“As champions of sustainable development the young leaders and journalists need to lead by example starting with ourselves and individual level then scaling it up to community, national and international levels,” said a Zimbabwean broadcast journalist, Ms Elizabeth Gandah. “Therefore, we need to start living lifestyles that show that we are promoting the achievement of sustainable development goals.”
Most countries worldwide are members of the Global Action Plan (GAP) for sustainable development. In their April 2018 draft education for sustainable development position paper that is yet to be ratified, the world governments acknowledge that when promoting sustainable development, there is urgent pay attention to individuals’ life choices and convictions as much as to the social, cultural, political, and economical contexts they are set in.
“The fundamental changes required for a sustainable future start with individuals and their change of behaviour, attitude and life style, while the institutional supports are equally important and needed to support the individual contributions,” says the GAP draft report.
Speaking at the Conference, the Director for Unesco Education for Sustainable Development, Mr Alaxandra Leicht, said that he was happy to learn that the young leaders and journalists had agreed to continue working together as a network.
“Unesco will continue to promote education and sustainable development,” said Mr Leicht. “Young people will remain a clear cornerstone of our work.”
Expose those who work against sustainable development
The Conference facilitators drawn from Africa, Middle East and Europe informed the young leaders and journalists that sustainable development could not be achieved without exposing and shaming those who work against achieving it, whether they are in public and private sector. This means that research and stories need to be written without fear or favour, calling for and end to all forms of corruption and exploitation and violation of human rights and those who work against achieving peace in the world.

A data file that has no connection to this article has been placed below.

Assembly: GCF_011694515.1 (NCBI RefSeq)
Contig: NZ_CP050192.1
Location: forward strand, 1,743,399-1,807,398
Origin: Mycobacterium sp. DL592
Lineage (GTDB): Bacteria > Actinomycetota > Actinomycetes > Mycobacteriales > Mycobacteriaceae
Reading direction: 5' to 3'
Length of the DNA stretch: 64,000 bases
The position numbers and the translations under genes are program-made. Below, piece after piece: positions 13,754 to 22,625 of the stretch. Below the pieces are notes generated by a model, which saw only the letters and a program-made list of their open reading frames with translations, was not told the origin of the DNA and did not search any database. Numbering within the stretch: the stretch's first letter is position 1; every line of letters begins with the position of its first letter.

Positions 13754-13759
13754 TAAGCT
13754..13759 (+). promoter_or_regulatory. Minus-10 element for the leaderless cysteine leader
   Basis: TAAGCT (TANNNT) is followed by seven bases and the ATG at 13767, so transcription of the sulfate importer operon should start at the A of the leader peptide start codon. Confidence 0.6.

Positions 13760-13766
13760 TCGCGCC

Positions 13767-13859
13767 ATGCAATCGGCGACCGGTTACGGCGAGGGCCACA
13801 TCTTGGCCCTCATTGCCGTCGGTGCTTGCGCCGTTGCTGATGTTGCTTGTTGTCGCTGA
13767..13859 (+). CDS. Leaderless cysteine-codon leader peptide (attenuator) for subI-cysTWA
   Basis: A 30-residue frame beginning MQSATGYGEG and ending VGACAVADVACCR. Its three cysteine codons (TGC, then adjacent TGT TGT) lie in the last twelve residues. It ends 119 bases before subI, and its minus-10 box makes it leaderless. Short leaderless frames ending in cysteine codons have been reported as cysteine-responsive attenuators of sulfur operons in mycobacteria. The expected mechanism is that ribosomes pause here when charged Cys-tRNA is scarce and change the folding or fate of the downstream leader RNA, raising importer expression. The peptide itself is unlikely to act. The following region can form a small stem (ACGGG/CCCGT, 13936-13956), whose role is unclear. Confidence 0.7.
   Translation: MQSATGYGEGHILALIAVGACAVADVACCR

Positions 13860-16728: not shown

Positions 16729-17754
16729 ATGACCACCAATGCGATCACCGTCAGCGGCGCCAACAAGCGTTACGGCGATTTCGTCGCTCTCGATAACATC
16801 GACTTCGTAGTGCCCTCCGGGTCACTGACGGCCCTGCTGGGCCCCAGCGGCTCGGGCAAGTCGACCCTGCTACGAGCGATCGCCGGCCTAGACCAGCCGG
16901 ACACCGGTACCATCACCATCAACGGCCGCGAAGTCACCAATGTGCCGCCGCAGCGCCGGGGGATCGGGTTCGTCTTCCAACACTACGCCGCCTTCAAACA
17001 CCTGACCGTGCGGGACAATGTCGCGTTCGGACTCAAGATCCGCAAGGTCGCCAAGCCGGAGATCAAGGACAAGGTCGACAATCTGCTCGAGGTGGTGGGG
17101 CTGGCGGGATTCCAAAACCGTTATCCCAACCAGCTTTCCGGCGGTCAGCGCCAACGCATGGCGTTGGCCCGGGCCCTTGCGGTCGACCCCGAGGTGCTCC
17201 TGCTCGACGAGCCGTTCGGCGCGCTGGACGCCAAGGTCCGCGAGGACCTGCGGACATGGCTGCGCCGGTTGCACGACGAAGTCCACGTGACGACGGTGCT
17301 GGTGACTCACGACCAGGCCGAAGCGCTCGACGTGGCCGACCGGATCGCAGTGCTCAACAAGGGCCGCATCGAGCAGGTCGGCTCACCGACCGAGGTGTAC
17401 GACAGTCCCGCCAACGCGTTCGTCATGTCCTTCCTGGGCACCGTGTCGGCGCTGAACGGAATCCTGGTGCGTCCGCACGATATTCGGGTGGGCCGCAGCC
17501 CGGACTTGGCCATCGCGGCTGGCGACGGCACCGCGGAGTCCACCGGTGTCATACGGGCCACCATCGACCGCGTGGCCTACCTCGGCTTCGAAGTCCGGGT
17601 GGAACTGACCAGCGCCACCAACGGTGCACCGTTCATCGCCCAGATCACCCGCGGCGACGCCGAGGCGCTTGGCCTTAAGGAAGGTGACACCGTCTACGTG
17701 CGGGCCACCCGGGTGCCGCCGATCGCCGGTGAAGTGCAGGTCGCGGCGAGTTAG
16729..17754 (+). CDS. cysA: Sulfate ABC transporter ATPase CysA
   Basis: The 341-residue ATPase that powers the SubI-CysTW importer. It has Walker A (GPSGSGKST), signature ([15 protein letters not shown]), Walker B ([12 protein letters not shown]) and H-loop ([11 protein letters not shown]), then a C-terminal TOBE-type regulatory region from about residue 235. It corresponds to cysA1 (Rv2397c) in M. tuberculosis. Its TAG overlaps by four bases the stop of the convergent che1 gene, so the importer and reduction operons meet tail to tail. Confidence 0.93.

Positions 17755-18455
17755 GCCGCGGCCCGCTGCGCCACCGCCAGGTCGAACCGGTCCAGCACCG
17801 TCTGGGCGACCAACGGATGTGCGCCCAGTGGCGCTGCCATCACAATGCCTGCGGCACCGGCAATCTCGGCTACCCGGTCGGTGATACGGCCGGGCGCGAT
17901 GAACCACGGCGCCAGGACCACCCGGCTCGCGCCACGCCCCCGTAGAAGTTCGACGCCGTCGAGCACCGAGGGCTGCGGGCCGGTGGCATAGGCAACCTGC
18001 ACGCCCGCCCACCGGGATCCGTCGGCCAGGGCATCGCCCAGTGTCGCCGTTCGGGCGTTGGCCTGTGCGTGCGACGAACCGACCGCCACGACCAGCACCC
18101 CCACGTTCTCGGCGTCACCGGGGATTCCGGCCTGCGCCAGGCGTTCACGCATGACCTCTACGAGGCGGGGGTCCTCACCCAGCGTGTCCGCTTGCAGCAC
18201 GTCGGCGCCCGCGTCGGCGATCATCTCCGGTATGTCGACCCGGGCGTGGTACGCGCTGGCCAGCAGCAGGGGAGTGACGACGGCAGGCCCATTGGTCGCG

For example, a delegate from Kenya who spoke on conditions of anonymity was anxious to get help to expose the human rights violations in his country involving human wildlife conflicts in which animals are being accorded more rights than humans.
“What is happening is Kenya is that when animals attack communities settled next to national parks and game reserves, the victims do not get compensated,” said the disappointed delegate. “Worse still, these communities do not get any benefits from wildlife and are gunned down by the Government if they are caught poaching wildlife or even harvesting resources from the game reserves.”
The Conference facilitators reminded the young journalists and leaders that they should not forget that they are working together with a UN agency that promotes and protects freedom of expression. Therefore, if ever they get victimised for telling the truth, they would need to appeal to Unesco for protection.
*Emmanuel Koro is a Johannesburg-based international award-winning environmental journalist who has written extensively on environment and development issues in Africa.